NSA officials have told investigators that an employee or contractor made the mistake about three years ago during an operation that used the tools, the people said. That person acknowledged the error shortly afterward, they said. But the NSA did not inform the companies of the danger when it first discovered the exposure of the tools, the sources said. Since the public release of the tools, the companies involved have issued patches in the systems to protect them. Investigators have not ruled out the possibility that the former NSA person, who has since departed the agency for other reasons, left the tools exposed deliberately. Another possibility, two of the sources said, is that more than one person at the headquarters or a remote location made similar mistakes or compounded each other's missteps. Representatives of the NSA, the Federal Bureau of Investigation and the office of the Director of National Intelligence all declined to comment.


    After the discovery, the NSA tuned its sensors to detect use of any of the tools by other parties, especially foreign adversaries with strong cyber espionage operations, such as China and Russia. That could have helped identify rival powers’ hacking targets, potentially leading them to be defended better. It might also have allowed U.S officials to see deeper into rival hacking operations while enabling the NSA itself to continue using the tools for its own operations. Because the sensors did not detect foreign spies or criminals using the tools on U.S. or allied targets, the NSA did not feel obligated to immediately warn the U.S. manufacturers, an official and one other person familiar with the matter said. In this case, as in more commonplace discoveries of security flaws, U.S. officials weigh what intelligence they could gather by keeping the flaws secret against the risk to U.S. companies and individuals if adversaries find the same flaws. Critics of the Obama administration's policies for making those decisions have cited the Shadow Brokers dump as evidence that the balance has tipped too far toward intelligence gathering.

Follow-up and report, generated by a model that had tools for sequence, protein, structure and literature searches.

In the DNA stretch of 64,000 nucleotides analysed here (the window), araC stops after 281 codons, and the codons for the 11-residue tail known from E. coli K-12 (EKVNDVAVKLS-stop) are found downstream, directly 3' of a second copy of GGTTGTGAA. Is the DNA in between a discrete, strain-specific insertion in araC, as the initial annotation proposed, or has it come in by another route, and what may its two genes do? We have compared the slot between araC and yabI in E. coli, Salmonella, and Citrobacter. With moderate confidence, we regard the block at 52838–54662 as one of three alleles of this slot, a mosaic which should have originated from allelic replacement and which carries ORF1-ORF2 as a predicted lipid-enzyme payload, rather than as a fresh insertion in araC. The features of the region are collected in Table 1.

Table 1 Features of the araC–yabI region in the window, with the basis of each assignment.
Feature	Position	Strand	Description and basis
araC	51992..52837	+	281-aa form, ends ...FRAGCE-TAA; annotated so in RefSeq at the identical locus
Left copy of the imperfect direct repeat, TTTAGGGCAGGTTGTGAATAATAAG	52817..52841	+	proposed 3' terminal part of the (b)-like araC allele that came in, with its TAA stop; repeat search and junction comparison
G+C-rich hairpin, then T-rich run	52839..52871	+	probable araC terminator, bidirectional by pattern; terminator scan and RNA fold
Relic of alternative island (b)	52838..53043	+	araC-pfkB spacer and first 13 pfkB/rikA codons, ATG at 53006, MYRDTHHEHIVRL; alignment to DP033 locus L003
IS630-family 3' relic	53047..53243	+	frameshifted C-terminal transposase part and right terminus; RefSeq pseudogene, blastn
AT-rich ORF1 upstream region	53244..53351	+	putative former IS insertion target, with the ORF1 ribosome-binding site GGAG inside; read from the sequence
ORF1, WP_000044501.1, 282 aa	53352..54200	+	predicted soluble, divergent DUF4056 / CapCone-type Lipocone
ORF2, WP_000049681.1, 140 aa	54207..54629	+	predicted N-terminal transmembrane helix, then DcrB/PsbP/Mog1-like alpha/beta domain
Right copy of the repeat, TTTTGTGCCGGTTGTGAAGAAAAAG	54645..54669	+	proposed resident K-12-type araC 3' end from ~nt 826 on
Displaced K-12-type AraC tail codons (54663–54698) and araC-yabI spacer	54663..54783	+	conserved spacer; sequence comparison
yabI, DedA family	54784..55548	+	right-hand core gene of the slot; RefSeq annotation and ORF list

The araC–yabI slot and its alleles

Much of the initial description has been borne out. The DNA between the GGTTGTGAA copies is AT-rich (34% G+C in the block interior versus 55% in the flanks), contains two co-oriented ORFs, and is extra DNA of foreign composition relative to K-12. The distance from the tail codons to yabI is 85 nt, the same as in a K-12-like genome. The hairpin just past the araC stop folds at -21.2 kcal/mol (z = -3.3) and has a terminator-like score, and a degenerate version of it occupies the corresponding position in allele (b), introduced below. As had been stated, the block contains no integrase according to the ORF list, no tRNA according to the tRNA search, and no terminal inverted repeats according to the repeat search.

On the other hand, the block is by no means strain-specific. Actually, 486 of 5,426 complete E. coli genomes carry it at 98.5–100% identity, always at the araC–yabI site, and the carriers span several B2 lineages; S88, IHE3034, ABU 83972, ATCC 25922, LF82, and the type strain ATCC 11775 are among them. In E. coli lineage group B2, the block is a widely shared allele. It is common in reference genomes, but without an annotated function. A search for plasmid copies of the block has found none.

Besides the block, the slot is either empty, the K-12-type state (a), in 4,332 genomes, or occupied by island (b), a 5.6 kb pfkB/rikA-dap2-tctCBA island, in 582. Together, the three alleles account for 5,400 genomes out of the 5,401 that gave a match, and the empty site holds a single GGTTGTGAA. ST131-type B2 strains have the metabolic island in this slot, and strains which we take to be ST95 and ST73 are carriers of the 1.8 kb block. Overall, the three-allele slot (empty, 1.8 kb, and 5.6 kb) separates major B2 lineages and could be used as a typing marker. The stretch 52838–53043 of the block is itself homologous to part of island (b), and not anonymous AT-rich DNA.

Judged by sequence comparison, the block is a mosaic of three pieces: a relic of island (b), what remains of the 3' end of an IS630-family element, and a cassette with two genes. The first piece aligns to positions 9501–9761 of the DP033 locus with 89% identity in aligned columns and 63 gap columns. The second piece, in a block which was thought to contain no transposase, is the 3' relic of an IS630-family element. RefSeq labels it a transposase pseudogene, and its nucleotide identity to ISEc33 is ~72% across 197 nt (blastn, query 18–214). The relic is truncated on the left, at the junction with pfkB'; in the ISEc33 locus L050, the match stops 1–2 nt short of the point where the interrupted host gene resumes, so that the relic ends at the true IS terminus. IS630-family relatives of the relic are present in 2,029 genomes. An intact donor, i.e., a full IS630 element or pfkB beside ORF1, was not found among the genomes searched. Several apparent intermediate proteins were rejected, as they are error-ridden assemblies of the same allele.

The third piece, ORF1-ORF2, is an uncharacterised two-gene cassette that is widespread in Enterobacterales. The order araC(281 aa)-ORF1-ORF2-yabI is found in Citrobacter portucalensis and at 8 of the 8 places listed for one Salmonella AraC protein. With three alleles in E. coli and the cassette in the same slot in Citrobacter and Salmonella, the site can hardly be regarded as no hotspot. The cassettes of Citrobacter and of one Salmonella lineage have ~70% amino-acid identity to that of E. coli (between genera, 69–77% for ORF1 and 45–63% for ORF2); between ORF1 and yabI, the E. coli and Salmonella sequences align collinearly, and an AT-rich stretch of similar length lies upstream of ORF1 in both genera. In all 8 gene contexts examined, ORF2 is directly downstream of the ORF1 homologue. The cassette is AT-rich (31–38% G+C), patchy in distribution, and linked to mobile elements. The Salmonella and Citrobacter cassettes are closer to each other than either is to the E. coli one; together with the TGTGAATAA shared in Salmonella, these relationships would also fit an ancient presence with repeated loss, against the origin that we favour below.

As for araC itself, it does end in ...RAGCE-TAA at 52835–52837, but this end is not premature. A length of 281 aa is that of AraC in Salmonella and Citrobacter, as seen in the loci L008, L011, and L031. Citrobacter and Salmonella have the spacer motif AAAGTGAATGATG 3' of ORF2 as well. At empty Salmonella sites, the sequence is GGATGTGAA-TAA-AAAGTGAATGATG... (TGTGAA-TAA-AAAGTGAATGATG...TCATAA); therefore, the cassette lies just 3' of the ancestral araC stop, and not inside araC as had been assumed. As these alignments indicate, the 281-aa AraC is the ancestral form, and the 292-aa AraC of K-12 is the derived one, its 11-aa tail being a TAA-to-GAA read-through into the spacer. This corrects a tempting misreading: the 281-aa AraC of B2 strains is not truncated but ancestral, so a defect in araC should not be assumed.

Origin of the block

The investigators have not determined conclusively that the Shadow Brokers group is affiliated with the Russian government, but that is the presumption, said one of the people familiar with the probe and a fifth person. One reason for suspecting government instead of criminal involvement, officials said, is that the hackers revealed the NSA tools rather than immediately selling them. The publication of the code, on the heels of leaks of emails by Democratic Party officials and preceding leaks of emails by former U.S. Secretary of State Colin Powell, could be part of a pattern of spreading harmful and occasionally false information to further the Russian agenda, said Jim Lewis, a cybersecurity expert at the Center for Strategic and International Studies. "The dumping is a tactic they've been developing for the last five years or so," Lewis said. "They try it, and if we don't respond they go a little further next time."

    http://www.reuters.com/article/us-cy...-idUSKCN11S2MF